The Flipped Classroom is a teaching model where the core idea is to “flip” the instructional approach. Students are asked to complete the readings and watching the lectures at home and come to class ready to complete active learning activities related to the coursework.
Create quality pre-recorded lectures that relay the course content effectively (substantial pre-planning and prep work required before pilot semester). Reduce lectures to manageable segments (about 15 minutes).
Develop classroom activities that promote Active Learning. Students should be applying the knowledge gained from lectures and readings. (i.e., case studies, debates, discussions, group projects, problem-solving, presentations, individual assignments, educational games). Avoid “busy work” to simply fill the time.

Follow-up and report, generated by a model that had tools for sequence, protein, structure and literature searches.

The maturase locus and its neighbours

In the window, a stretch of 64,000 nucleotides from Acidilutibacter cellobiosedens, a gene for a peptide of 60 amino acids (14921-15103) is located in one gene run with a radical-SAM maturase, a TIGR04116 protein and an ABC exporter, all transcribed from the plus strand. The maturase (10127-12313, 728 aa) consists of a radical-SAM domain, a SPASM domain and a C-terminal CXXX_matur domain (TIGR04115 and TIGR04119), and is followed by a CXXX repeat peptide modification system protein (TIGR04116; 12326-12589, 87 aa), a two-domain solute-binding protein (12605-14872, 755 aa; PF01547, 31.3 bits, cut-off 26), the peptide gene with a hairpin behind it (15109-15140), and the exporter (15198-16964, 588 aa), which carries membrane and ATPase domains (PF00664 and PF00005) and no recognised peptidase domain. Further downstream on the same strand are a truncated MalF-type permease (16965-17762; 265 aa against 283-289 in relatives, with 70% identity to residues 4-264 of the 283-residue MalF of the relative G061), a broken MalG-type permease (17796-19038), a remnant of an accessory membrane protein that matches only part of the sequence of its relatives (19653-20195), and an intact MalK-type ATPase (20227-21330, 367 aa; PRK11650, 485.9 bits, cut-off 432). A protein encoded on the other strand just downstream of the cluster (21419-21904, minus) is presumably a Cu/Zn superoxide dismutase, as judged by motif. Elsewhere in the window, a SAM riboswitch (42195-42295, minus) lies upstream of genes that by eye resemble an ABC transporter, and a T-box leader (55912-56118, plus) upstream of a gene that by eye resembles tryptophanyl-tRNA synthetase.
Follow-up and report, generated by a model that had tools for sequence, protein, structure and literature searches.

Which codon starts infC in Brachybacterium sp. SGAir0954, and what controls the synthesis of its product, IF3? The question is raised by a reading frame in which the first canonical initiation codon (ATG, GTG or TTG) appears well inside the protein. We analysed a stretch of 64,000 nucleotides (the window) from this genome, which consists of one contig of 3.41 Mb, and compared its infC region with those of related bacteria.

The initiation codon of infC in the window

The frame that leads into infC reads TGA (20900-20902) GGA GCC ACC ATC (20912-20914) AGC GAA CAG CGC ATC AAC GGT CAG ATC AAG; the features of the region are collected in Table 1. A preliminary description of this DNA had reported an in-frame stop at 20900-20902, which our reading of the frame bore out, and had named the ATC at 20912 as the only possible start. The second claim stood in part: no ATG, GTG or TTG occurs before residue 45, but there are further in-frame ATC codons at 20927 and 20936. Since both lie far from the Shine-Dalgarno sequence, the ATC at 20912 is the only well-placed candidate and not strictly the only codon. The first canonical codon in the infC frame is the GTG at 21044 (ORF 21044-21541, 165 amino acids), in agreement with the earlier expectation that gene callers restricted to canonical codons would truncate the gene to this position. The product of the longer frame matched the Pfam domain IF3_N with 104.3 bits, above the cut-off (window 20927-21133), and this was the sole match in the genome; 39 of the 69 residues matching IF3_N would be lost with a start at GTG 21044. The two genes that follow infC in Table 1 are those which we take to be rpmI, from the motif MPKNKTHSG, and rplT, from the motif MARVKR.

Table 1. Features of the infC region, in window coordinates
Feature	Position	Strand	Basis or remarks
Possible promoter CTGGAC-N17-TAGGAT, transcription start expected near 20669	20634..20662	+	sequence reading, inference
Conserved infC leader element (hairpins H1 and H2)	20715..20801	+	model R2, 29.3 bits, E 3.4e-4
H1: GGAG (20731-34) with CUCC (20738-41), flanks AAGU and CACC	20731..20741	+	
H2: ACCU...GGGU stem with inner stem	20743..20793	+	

- Center for Instructional Teaching & Training (University of Florida): Active Learning in a Flipped Classroom
- Comparison of PBL, POGIL, and PLTL: Pedagogies of Engagement in Science
- Frank Robinson (Teach Better): Flipping, Fun, and Physics (56:51)
- Problem-based learning (PBL) process-oriented guided inquiry learning (POGIL), and peer-led team learning (PLTL) represent three student-centered pedagogical practices in science that have received wide attention and NSF support in the past two decades
- Tucker (2012): The Flipped Classroom
- Yee (University of South Florida): Interactive Techniques (.pdf)
- Eberlein, J. Kampmeier, V. Minderhout, R.S. Moog, T. Platt, P. Varma‐Nelson & H.B. White (2008). Pedagogies of Engagement in Science: A Comparison of PBL, POGIL, and PLTL